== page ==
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How Small Ball Training Yields Big Results

  • by Coach Neil
  • 2 min read
  • 1 Comment

We know all baseball and softball hitters put in the work each and every practice to hit soaring home runs and improve their batting averages. But, before they can make that goal a reality, they need to perfect their swing. Improving your hitting isn’t just about spending countless hours in the batting cages, sometimes you need to train smarter, not just harder. Even if you want to hit big - it pays to think small - as in small ball training.

maxbp small wiffle ballThe concept behind small ball training is simple - practice with a smaller ball than you’ll be hitting on game day. Once you get accustomed to tracking and hitting a smaller ball, like a golf Wiffle ball, the regulation-sized ball will be easier to see and hit. Small ball training drills practiced with small Wiffle balls improve hand-eye coordination, pitch tracking, and bat speed.

Small ball training is especially beneficial for your swing because it teaches you to line up your bat to the ball. The difference between star hitters and average hitters is consistency - reliably being able to connect bat with the ball. This tricky exercise will work your hand-eye coordination so you’ll have a better chance of making more solid contact when it comes time for you or your players to step in the box.

Coaches suggest using small ball training as a warm-up to regular batting cage workouts. Just like weightlifters warm up with lighter loads before hitting their competition weights, batters should prepare with smaller balls. Coaches and players may notice an increase in performance as a result of improved focus and ball tracking. This warm-up can also be used before games to give players a confidence boost and get them in the right mindset to drive doubles into the gap.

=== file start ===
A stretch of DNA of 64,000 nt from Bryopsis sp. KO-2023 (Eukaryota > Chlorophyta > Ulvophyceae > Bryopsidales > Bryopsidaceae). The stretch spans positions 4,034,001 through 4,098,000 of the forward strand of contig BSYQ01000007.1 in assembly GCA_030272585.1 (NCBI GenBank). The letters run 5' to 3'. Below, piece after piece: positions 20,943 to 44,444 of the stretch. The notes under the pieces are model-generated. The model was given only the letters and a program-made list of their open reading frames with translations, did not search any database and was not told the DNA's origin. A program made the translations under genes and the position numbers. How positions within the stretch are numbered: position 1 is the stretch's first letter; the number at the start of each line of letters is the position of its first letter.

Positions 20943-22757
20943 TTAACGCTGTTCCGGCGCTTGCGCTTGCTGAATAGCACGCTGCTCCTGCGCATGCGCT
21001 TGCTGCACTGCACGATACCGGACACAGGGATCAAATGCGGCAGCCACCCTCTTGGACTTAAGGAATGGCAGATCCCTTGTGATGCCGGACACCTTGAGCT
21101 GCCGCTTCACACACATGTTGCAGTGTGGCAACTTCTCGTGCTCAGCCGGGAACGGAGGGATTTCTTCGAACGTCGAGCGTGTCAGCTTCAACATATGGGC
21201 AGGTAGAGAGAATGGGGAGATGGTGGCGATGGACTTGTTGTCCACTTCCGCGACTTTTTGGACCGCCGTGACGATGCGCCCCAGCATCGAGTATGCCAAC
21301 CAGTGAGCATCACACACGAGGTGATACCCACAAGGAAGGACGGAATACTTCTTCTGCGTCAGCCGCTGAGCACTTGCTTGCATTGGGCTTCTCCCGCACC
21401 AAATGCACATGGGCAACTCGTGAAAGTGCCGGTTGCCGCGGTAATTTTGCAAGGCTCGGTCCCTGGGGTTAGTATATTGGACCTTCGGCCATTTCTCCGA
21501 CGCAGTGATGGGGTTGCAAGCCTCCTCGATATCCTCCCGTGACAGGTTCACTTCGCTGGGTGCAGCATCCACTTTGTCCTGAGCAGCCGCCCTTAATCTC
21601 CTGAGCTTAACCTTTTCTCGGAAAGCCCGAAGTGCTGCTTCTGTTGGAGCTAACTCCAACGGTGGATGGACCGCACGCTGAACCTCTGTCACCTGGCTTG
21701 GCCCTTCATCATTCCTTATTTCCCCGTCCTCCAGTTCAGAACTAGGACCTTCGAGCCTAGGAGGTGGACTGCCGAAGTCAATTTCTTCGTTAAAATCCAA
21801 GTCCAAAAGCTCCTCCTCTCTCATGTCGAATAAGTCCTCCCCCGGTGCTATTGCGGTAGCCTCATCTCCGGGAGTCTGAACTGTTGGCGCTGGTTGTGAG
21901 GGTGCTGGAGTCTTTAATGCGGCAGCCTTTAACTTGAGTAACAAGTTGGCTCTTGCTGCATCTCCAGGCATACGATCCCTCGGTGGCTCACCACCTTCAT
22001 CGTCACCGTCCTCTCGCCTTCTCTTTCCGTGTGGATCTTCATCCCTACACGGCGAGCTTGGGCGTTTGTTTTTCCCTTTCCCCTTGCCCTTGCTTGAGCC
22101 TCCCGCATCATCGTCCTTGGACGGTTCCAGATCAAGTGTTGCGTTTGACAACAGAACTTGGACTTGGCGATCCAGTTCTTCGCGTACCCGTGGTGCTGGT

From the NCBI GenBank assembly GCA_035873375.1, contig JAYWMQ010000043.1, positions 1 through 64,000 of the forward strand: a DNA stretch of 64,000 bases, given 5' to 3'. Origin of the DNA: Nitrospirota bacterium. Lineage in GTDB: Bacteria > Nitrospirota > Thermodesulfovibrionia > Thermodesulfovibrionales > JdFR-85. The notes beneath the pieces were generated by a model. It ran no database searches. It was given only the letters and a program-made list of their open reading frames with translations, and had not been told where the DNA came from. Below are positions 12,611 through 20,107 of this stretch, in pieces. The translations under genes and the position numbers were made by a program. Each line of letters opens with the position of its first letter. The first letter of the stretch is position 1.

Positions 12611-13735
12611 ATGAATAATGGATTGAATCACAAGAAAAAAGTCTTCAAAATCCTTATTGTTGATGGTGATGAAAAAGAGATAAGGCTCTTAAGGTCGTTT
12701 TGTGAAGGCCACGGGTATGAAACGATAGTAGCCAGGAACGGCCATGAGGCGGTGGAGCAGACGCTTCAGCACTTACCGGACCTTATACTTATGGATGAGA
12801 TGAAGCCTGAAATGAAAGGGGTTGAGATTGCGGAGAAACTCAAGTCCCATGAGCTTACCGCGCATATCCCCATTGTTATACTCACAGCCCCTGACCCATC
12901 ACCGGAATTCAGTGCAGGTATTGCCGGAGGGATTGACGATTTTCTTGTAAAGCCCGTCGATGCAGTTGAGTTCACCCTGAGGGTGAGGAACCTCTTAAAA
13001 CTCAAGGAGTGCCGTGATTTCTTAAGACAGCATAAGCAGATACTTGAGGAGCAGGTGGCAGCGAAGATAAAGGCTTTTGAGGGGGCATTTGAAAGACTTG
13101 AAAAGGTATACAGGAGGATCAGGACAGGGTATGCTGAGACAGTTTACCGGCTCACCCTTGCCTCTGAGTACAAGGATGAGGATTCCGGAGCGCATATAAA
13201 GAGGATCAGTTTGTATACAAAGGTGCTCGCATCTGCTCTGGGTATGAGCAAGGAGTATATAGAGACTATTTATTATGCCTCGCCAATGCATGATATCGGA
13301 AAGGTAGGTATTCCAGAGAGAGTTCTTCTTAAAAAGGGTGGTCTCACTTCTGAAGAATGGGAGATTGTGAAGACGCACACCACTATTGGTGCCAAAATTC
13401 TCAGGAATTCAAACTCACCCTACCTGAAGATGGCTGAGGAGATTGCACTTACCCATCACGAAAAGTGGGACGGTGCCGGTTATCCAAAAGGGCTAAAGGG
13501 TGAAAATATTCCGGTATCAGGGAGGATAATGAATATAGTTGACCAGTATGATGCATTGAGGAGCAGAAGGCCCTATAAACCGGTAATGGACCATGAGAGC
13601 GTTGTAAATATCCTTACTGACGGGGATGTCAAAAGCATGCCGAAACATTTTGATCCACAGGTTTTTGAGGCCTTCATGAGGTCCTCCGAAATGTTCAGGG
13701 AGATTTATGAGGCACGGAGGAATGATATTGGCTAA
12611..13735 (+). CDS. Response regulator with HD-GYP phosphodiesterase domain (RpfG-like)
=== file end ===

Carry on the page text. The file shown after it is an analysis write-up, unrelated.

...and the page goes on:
Another variation on small ball training is to use a small bat. The concept here is the same - practice with smaller equipment so that stepping back up to regulation-size bats and balls will be easier. Think of it as the batter’s answer to a marathon runner’s high altitude training. This added challenge forces the players to connect the bat and ball and concentrate on pitch tracking. We suggest using the small barrel BetterBat or Insider Bat in place of a regulation-sized bat during practice to fine-tune your training.

Now that you’re ready to start thinking small, it’s time to get to work. Luckily, you don’t have to drag a teammate out for hours of practice - you can work on your swing anywhere your team practices. Use a reaction training tool, like a MaxBP Small Wiffle ball pitching machine, which is portable and feeds itself. Each MaxBP pitching machine can hold over 100 golf ball-sized Wiffle balls and offers four hours or more of training on a single battery charge. 

Although these small balls and bat training drills may be frustrating at first, this technique can benefit players of any age and skill level. If you want to sharpen hand-eye coordination, improve focus and knock it out of the park, remember to think small.